Friday, January 17, 2014

How do we deal with adverse Section 75 findings at a discrimination trial?

When public employees are disciplined in New York, they face charges under Section 75 of the Civil Service Law, which entitles them to notice of the charges and a fair hearing. Employees often lose at the hearings, as any honest labor lawyer will tell you. What happens, then, when the employee sues management for discrimination? What effect does the Section 75 findings have on the case?

The case is Matusick v. Erie County Water Authority, decided on January 6. This case drew attention because the Second Circuit held for the first time that an employer cannot fire a white man because he was engaged to marry a black woman. But the case has another important point, relating to the quandary that I raised about Section 75 findings.

At trial, defendants "introduced evidence regarding Matusick's long and serious history of disciplinary problems." Basically, management introduced evidence that plaintiff was a slacker, among other things, watching football on TV during work hours, with the security camera blocked so no one could catch him in the act. The following is a candidate for footnote of the year:

In the memorandum, he reported that when he arrived, he found ╩║Matusick slouched in the dispatcher's chair loudly engaged in a football game he was watching on the overheard TV. . . . [Matusick] jumped‐up and looked out the window as he screamed out 'what kind of an asshole would call during the fourth quarter of the game.'╩║ Matusick had apparently been watching a now notorious Buffalo Bills game. See Mark Gaughan, Bills Battle Broncos to the Bitter End, BUFFALO NEWS, Oct. 27, 1997, at S3 (reporting that the Bills came back from a 20‐0 deficit in the fourth quarter, but ultimately lost on a field goal with 1:56 remaining in overtime).
The hearing officer found plaintiff guilty of workplace misconduct, and management adopted the hearing officer's recommendation to fire plaintiff. Now, when plaintiffs sue for discrimination, management will defend against the charges by arguing that it fired them for legitimate reasons. Section 75 dismissals certainly corroborate that defense. After all, hearing officer heard the evidence and made a factual finding on this. At trial, the judge decided that the adverse Section 75 findings did not prevent plaintiff from suing for discrimination, and he also told the jury that the Section 75 hearing "did not 'force' the jury to resolve any of the questions before it in any particular way." In other words, the jury did not have find as a matter of law that plaintiff had engaged in the misconduct.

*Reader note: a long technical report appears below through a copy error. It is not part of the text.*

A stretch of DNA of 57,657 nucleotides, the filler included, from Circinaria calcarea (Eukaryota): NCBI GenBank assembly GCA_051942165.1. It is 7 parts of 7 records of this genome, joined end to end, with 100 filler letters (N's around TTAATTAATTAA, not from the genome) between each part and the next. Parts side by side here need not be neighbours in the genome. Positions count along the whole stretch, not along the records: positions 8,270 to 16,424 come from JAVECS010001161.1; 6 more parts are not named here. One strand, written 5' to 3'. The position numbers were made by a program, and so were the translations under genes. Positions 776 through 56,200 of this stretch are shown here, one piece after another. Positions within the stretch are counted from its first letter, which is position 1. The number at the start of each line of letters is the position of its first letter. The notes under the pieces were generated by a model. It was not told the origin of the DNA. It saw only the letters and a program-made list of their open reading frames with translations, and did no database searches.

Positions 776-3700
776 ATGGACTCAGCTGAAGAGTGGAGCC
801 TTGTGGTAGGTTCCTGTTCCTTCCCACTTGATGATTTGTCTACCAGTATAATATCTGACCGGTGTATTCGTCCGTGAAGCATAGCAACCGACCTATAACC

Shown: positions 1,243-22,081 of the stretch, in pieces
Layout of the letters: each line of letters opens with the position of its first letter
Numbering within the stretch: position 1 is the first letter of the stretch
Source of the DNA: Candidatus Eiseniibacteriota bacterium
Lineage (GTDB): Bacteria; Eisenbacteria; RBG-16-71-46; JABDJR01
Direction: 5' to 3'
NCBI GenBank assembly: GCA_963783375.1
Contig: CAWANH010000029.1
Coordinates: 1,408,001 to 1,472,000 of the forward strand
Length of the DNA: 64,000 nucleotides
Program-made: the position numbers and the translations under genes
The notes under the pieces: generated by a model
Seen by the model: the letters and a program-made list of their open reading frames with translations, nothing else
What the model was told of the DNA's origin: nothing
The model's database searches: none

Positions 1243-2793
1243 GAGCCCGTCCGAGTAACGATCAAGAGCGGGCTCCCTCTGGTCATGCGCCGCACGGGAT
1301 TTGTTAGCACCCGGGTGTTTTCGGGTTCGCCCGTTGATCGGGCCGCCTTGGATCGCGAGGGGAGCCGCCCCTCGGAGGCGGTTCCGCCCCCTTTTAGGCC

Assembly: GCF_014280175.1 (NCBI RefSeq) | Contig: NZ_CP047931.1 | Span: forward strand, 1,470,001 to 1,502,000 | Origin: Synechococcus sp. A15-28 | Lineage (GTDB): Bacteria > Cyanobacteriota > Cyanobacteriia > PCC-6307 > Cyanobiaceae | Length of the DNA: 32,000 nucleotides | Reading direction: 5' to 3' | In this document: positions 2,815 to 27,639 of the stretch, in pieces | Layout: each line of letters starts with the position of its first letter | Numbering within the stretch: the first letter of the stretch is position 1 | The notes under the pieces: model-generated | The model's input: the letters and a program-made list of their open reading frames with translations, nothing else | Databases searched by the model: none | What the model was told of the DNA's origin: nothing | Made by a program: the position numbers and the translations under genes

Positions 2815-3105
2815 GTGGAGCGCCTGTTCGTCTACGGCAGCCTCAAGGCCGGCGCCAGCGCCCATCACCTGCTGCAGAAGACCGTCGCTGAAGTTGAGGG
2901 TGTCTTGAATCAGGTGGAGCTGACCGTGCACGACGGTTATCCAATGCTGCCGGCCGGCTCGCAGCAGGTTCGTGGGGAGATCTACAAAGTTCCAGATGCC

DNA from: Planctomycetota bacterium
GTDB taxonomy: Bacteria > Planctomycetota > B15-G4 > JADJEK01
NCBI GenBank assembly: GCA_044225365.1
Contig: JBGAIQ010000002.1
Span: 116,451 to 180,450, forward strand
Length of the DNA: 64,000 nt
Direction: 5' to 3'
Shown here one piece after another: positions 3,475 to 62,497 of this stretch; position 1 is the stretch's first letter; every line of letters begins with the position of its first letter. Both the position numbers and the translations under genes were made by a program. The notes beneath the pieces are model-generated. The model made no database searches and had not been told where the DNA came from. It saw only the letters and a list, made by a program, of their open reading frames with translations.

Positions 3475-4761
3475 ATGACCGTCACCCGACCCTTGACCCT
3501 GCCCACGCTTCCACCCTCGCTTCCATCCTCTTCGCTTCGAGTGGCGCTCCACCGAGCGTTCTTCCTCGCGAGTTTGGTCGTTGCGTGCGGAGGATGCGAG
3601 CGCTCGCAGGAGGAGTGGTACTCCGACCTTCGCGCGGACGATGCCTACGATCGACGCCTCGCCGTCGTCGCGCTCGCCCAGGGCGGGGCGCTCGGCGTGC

Collateral estoppel principles prevent you from re-litigating the same issue in different forums. But since plaintiff did not litigate his discrimination allegations at the disciplinary hearings, that precise issue was not resolved at the hearing, and he could then challenge his termination as discriminatory at the federal trial. The district court therefore got it right in allowing the discrimination case to proceed. Even if management had legitimate reasons for firing plaintiff, he could still win the case if an illegitimate reason (such as racial discrimination) also motivated his termination. However, the district court should have told the jury that it had to find that plaintiff had in fact engaged in the misconduct that predicated the Section 75 charges. It failed to do so, and that was wrong, the Second Circuit says.

So what happens when the Court of Appeals finds that the district court committed an evidentiary error? It does not always mean the defendant gets a new trial. We proceed to "harmless error" analysis. Harmless error is cold water in the face of an appellate lawyer who survives the first hurdle of appellate review in proving that the trial court made a mistake. Sometimes the error does not matter. Over Judge Raggi's dissent, the Court of Appeals (Sack and Lohier) says the trial court's error did not affect the outcome of the trial. Yes, plaintiff was adjudicated under Section 75 to have engaged in workplace misconduct, and management was entitled to a jury instruction that plaintiff had done bad things at work. But at trial, the employer was able to put on evidence that plaintiff was a bad worker. The Court of Appeals says, "we think it highly unlikely that the jury would have found the defendants' evidence regarding Matusick's alleged misconduct unconvincing." The jury heard tons of evidence about the misconduct, and plaintiff's lawyer effectively conceded his client had engaged in misconduct by telling the jury in summation that other employees were not fired for similar misconduct. Despite the trial court's error, the jury most likely concluded that plaintiff had done bad things at work. But since the jury can reach that conclusion and still find that the plaintiff was discriminated against, the verdict is upheld.

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